Some in Sanford urged to boil water after pipe break
Journal Tribune - Friday, July 20, 2018 

Customers of the Sanford Water District in the industrial park area are being advised to boil water prior to use because of the possibility of water contamination. Apparently, a contractor working behind the airport in the industrial park accidentally broke a water line and the boil water alert is precautionary.
Trump ups tariff threat, slams Fed, big U.S. trading partners
Associated Press - Friday, July 20, 2018 

President Trump has indicated that he’s willing to hit every product imported from China with tariffs and again criticized the Federal Reserve, as well as some of the nation’s biggest trading partners. The comments sent U.S. markets sliding early Friday. China has retaliated with duties of its own. Beijing is targeting sectors, like [Maine lobsters].
Fish and Wildlife Department Critical of CMP Plan
George Smith BDN Outdoor News Blog - Friday, July 20, 2018 

Maine’s Department of Inland Fisheries and Wildlife has stepped up big time to criticize Central Maine Power’s proposal to construct a massive new transmission line through Maine to move electricity from Quebec to Massachusetts. The good people of New Hampshire rejected CMP’s proposal, so they’ve moved it to Maine. DIFW identified lots of troubling things in CMP’s plan and issued a lengthy list of changes that would have to be made to protect fish and wildlife and the habitats they depend on.
Drilling in Alaska National Wildlife Refuge to get fast review
Washington Post - Friday, July 20, 2018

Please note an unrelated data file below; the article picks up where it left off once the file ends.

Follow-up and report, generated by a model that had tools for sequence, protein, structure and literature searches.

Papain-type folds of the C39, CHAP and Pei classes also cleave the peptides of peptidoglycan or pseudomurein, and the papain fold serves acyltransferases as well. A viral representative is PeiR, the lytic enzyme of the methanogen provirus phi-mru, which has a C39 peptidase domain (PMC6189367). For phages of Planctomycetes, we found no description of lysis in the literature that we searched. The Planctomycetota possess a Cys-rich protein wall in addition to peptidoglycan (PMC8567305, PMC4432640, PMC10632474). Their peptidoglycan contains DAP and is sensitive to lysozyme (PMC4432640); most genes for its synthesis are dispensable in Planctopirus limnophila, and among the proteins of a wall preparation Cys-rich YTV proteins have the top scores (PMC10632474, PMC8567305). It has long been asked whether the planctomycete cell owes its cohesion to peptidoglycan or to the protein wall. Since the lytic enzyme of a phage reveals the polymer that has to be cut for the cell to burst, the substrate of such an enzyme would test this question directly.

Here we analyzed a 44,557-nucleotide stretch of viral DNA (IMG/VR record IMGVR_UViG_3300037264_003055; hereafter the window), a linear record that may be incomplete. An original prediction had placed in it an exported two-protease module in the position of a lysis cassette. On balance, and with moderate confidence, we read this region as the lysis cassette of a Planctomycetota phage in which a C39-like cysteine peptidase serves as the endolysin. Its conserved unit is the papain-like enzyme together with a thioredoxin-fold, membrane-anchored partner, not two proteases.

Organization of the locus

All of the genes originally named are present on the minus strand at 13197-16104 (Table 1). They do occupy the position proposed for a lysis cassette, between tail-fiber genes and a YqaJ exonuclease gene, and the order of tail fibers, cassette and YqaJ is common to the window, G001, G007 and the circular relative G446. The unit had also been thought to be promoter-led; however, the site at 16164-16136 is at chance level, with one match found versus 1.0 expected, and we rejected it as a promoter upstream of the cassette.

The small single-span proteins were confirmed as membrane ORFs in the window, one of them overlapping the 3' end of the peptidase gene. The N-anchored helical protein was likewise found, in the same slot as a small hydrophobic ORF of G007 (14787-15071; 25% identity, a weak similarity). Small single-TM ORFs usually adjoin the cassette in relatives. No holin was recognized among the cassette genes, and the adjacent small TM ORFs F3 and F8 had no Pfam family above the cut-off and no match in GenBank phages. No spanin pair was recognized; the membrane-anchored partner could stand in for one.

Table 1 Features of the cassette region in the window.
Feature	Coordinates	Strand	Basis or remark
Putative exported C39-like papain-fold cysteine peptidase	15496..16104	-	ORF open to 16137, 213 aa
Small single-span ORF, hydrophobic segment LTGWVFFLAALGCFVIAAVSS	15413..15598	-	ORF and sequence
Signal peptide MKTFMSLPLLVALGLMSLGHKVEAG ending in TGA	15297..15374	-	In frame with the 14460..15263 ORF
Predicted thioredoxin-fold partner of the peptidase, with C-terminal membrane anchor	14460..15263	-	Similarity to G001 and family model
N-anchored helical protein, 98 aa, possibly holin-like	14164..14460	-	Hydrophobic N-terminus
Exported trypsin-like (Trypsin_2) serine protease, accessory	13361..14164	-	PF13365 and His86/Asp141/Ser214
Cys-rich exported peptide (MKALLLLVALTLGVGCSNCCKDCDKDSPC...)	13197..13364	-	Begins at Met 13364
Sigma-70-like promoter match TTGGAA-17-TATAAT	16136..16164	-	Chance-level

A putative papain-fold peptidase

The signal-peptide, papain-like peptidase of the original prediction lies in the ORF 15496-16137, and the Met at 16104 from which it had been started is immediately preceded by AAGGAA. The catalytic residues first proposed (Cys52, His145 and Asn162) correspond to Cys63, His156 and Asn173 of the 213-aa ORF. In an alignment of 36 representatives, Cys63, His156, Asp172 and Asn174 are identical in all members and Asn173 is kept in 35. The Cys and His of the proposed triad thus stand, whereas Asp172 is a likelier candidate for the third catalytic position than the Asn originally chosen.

The Interior Department has commissioned an expedited environmental review of the impact of leasing part of the Arctic National Wildlife Refuge for oil and gas drilling, according to a document released under the Freedom of Information Act. The nearly $1.7 million contract that Interior signed on April 8 with Colorado-based Environmental Management and Planning Solutions, Inc. shows how rapidly the Trump administration is moving ahead with its plans to open up the refuge’s coastal plain to energy exploration.
Support for the Endangered Species Act remains high as Trump administration and Congress try to gut it
Other - Friday, July 20, 2018 

The Endangered Species Act, or “the Act,” is arguably the most important law in the United States for conserving biodiversity and arresting the extinction of species. Congress passed the ESA in 1973 with strong bipartisan support at the behest of a Republican president. Since its passage, the Act has helped reverse and stop declines in numerous species and served as a model for similar laws around the world. Nevertheless, the Trump Administration this week proposed to severely curtail the scope of the Act. In contrast to the often-repeated statement that the Act is controversial, these data suggest that support for the law among the general population is robust and has remained so for at least two decades.
How Mainers are working to prevent the coast from losing public access
Bangor Daily News - Friday, July 20, 2018 

Maine Coast Heritage Trust Director of Communications Rich Knox said, “About 1 percent of the coast is open to commercial and public recreational access that’s guaranteed. We’re trying to keep the coast open to people.” Since it was founded in 1970, MCHT has conserved 150,000 acres and 322 islands along the Maine coast, establishing more than 100 public preserves from Kittery to Lubec. All of these preserves are open to the public to visit for free, offering a wide variety of recreational opportunities including camping, hiking, boating and hunting.